0.5%

Economics

0.5%
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Degrees

Masters

44.0%

Bachelors

39.9%

Other

8.8%

Doctorate

3.6%

Certificate

2.1%

Diploma

1.0%

Associate

0.5%
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Job type you want
Full Time
Part Time
Internship
Temporary
Average Yearly Salary
$81,000
View Detailed Salary Report
$38,000
Min 10%
$81,000
Median 50%
$81,000
Median 50%
$81,000
Median 50%
$81,000
Median 50%
$81,000
Median 50%
$81,000
Median 50%
$81,000
Median 50%
$171,000
Max 90%
Best Paying Company
Exxon Mobil
Highest Paying City
Boulder, CO
Highest Paying State
North Dakota
Avg Experience Level
4.8 years
How much does a Petroleum Geologist make at top companies?
The national average salary for a Petroleum Geologist in the United States is $81,810 per year or $39 per hour. Those in the bottom 10 percent make under $38,000 a year, and the top 10 percent make over $171,000.

Real Petroleum Geologist Salaries

Job Title Company Location Start Date Salary
Petroleum Geologist Platte River Associates, Inc. Boulder, CO Sep 22, 2010 $365,225
Petroleum Geologist Platte River Associates Inc. Boulder, CO Nov 09, 2013 $313,050
Petroleum Geologist Platte River Associates, Inc. Boulder, CO Nov 01, 2010 $313,050
Petroleum Geologist/Paleontologist Ellington & Associates, Inc. Houston, TX Jul 15, 2011 $260,875
Petroleum Geologist/Paleontologist Ellington & Associates, Inc. Houston, TX Sep 14, 2011 $260,875
Petroleum Geologist/Paleontologist Ellington & Associates, Inc. Houston, TX Sep 30, 2015 $234,788
Petroleum Geologist/Paleontologist Ellington & Associates, Inc. Houston, TX Sep 28, 2016 $234,788
Petroleum Geologist/Paleontologist Ellington & Associates, Inc. Houston, TX Oct 01, 2012 $234,788
Petroleum Geologist/Paleontologist Ellington & Associates, Inc. Houston, TX Oct 14, 2015 $234,000
Petroleum Geologist DRL Engineering LLC Houston, TX Sep 01, 2014 $153,600
Petroleum Geologist BP America Inc. Houston, TX Oct 01, 2015 $147,300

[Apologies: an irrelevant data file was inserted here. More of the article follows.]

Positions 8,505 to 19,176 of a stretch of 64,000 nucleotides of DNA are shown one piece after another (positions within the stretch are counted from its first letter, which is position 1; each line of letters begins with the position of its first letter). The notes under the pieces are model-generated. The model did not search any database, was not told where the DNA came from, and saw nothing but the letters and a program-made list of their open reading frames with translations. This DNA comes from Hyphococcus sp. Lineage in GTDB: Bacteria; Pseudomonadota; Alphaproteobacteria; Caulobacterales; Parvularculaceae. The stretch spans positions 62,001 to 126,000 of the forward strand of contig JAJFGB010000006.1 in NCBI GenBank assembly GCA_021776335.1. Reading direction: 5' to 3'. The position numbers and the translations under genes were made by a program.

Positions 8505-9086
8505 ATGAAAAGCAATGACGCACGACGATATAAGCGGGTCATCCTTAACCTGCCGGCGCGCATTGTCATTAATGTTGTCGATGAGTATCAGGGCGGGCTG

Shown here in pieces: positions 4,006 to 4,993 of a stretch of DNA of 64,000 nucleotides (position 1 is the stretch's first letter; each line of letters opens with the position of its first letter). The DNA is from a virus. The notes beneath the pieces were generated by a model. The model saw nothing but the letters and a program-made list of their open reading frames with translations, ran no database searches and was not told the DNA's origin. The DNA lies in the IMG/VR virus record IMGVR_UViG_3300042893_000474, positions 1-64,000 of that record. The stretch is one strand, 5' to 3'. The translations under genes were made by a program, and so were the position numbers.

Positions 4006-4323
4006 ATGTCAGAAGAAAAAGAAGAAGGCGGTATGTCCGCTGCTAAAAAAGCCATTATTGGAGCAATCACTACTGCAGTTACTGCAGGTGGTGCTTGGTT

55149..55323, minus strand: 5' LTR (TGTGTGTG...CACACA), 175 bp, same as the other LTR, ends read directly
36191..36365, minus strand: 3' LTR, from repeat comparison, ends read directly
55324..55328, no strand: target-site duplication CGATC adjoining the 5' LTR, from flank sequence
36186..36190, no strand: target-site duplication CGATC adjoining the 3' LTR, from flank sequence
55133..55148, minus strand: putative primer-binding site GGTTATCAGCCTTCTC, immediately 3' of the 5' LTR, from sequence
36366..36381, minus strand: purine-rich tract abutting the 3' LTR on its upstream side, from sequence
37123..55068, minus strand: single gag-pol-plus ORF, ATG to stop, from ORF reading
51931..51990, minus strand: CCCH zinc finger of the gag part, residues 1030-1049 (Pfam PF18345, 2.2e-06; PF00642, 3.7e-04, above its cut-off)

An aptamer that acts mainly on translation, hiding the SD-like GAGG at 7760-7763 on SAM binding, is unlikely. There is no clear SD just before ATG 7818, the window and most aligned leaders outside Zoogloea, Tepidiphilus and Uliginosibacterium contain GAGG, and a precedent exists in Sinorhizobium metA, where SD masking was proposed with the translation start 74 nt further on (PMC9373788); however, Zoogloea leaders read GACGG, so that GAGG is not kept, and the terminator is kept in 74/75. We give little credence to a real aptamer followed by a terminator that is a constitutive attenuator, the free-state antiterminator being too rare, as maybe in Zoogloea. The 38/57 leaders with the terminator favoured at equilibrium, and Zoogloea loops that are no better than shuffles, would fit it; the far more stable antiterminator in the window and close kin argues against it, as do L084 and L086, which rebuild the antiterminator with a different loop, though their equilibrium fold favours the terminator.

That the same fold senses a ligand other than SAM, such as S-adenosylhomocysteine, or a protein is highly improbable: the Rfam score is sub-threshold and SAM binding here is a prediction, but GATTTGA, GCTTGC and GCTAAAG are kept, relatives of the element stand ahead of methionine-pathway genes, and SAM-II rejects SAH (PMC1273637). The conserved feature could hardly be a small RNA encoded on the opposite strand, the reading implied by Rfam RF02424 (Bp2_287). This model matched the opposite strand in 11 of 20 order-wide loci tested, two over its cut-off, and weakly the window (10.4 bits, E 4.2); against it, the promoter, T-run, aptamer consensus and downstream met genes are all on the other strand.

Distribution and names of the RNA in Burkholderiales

Petroleum Geologist BP America Inc. Houston, TX Sep 21, 2014 $147,300
Senior Petroleum Geologist Exxon Mobil Corporation Houston, TX May 02, 2013 $144,539 -
$272,729
Senior Petroleum Geologist Exxon Mobil Corporation Houston, TX Jan 25, 2012 $135,470 -
$228,208
Petroleum Geologist-Basin Modeler Chevron Corporation Houston, TX Sep 27, 2009 $122,700
Senior Petroleum Geologist CGG Services (U.S.) Inc. Houston, TX Jul 22, 2015 $120,182 -
$130,000
Petroleum Geologist Platte River Associates Inc. Boulder, CO Sep 10, 2015 $120,000
Petroleum Geologist BP America Inc. Houston, TX Feb 06, 2015 $120,000 -
$140,000
Senior Petroleum Geologist Exxon Mobil Corporation Houston, TX May 01, 2010 $119,700 -
$246,745
Senior Petroleum Geologist Exxon Mobil Corporation Houston, TX Apr 01, 2011 $108,202 -
$167,400
Senior Petroleum Geologist Exxon Mobil Corporation Houston, TX Oct 01, 2012 $107,182 -
$170,800
Petroleum Geologist Degolyer and MacNaughton Corporation Dallas, TX Aug 25, 2011 $99,600
Petroleum Wellsite Geologist Goolsby Brothers & Associates, Inc. Centennial, CO Jul 07, 2010 $99,070

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Top Skills for A Petroleum Geologist

  1. Subsurface Investigations
  2. Log Data
  3. Wellsite
You can check out examples of real life uses of top skills on resumes here:
  • Evaluated well site core and electric log data for determination of productive reservoir zones.
  • Created my own company to expand my career base from only doing wellsite geology to exploration geology and production/completion consultant.
  • Prospect generation and development has been expedited by becoming proficient in Petra mapping software.
  • Constructed maps and purchased leases to allow for additional exploration in various areas of Oklahoma.
  • Formulated and constructed projects to be drilled based from well log analysis, cross sections and geophysical tools.

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Top 10 Best States for Petroleum Geologists

  1. Louisiana
  2. Alaska
  3. Texas
  4. Hawaii
  5. New Jersey
  6. Mississippi
  7. California
  8. District of Columbia
  9. Oklahoma
  10. Washington
  • (6 jobs)
  • (1 jobs)
  • (19 jobs)
  • (4 jobs)
  • (8 jobs)
  • (1 jobs)
  • (68 jobs)
  • (1 jobs)
  • (1 jobs)
  • (12 jobs)

Top Petroleum Geologist Employers